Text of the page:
Irish stars facing pay cuts
May 29, 2010
Shane Horgan is one of the top players facing a paycut © PA Photos
Some of Ireland's top rugby stars are facing huge pay cuts as the Irish Rugby Football Union continues its efforts to balance the books.
There are fears the enforced cuts, reportedly ranging from 30-50%, may lead to an exodus of top Irish talent to France and England as seasoned internationals Gordon D'Arcy, Shane Horgan, Peter Stringer and Marcus Horan are amongst those facing a dramatic drop in income. The news comes in the week where Leinster reported a €349,988 loss in a year that saw them claim the Heineken Cup.
Much of Ireland's recent success at provincial and international level has been based on centrally contracting top players and keeping them at home but that policy has now been reviewed with some of Ireland's biggest players set to lose out.
Reports in the Irish Independent state some players will see their salary cut from €200,000 to €120,000 as the union deals with the financial commitment of the new Aviva Stadium. Next year some of Ireland's leading players will face pay cuts as the likes of Brian O'Driscoll, Paul O'Connell and Ronan O'Gara are out of contract after the 2011 World Cup in New Zealand.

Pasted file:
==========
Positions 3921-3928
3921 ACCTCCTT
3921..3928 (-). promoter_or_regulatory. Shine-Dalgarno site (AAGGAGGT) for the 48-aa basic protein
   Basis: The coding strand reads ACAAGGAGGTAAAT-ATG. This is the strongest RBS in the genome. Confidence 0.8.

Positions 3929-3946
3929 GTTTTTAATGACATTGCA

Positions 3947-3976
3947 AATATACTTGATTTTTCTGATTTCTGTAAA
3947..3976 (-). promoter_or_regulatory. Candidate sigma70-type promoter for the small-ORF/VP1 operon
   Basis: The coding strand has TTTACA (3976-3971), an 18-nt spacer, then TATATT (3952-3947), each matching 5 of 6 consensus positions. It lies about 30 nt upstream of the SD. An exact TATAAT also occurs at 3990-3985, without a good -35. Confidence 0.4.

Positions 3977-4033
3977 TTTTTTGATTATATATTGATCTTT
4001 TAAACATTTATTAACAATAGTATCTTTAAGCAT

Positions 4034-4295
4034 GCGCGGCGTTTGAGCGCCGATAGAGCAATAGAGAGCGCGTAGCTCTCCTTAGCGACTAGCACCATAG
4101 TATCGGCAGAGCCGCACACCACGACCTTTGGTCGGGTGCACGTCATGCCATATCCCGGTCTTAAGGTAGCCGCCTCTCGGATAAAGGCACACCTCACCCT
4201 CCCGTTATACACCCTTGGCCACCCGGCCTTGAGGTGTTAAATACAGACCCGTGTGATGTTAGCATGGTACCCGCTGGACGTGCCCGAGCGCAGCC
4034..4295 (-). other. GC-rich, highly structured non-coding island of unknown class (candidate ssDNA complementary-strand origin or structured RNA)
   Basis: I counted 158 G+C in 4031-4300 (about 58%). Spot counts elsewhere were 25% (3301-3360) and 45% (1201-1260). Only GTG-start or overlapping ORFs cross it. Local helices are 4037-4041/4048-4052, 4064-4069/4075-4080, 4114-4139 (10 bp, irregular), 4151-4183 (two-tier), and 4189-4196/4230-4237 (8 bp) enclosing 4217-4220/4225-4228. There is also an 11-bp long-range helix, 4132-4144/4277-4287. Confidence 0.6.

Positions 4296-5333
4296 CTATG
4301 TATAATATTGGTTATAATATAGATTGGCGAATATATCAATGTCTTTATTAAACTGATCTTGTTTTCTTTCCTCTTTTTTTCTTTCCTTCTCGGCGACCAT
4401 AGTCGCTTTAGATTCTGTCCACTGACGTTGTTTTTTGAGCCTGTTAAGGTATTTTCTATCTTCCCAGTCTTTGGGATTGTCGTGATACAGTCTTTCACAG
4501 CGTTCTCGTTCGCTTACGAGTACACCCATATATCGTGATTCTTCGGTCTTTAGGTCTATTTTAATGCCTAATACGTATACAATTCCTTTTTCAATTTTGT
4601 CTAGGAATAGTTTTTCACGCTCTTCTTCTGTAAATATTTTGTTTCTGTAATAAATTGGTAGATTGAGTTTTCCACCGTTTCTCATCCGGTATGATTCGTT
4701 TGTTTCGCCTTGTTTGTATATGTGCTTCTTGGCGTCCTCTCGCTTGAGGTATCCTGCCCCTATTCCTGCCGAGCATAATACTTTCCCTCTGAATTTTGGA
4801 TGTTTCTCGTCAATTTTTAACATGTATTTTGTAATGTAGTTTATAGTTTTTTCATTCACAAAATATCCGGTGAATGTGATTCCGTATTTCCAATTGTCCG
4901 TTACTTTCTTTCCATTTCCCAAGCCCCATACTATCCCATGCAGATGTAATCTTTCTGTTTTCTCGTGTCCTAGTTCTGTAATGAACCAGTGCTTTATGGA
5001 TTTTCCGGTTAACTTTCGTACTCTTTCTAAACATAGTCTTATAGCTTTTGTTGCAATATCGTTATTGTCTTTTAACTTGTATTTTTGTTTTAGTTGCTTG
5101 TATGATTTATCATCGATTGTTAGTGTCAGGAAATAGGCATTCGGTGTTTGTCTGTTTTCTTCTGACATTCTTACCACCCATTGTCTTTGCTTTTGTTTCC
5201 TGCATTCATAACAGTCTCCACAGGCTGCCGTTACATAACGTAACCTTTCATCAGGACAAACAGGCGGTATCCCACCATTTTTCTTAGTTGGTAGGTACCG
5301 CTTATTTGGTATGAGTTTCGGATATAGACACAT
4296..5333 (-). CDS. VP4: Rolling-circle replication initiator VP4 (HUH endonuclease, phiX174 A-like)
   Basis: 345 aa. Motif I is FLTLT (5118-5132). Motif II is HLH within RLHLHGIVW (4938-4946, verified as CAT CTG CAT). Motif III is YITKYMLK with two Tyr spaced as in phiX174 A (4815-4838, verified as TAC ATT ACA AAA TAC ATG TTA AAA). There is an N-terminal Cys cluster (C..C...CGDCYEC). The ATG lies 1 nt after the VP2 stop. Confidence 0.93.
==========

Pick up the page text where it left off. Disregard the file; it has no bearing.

The IRFU will also reduce the number of centrally contracted players from 30 to 21, but not all the players have committed to remain in Ireland. Stringer and D'Arcy are understood to have agreed to stay with Munster and Leinster respectively, but it remains unclear whether Horan and Horgan have agreed to stay under the new terms.
The union are also planning on rowing back on financial commitments to provincial development officers at regional and community level as they look to deal with the increased costs of repayments on the new stadium.
Huw Richards assesses where Wales are after a mixed Six Nations, with front row seats still very much available for the World Cup
John Mitchell lapped up the action on 'Sensational Saturday' - but warns not to expect a repeat come Rugby World Cup time later this year
Craig Dowd warns England, Ireland and Wales they should play to their strengths rather than those of the All Blacks and the Wallabies
Tom Hamilton runs the rule over just where the six countries stand ahead of the global gathering in September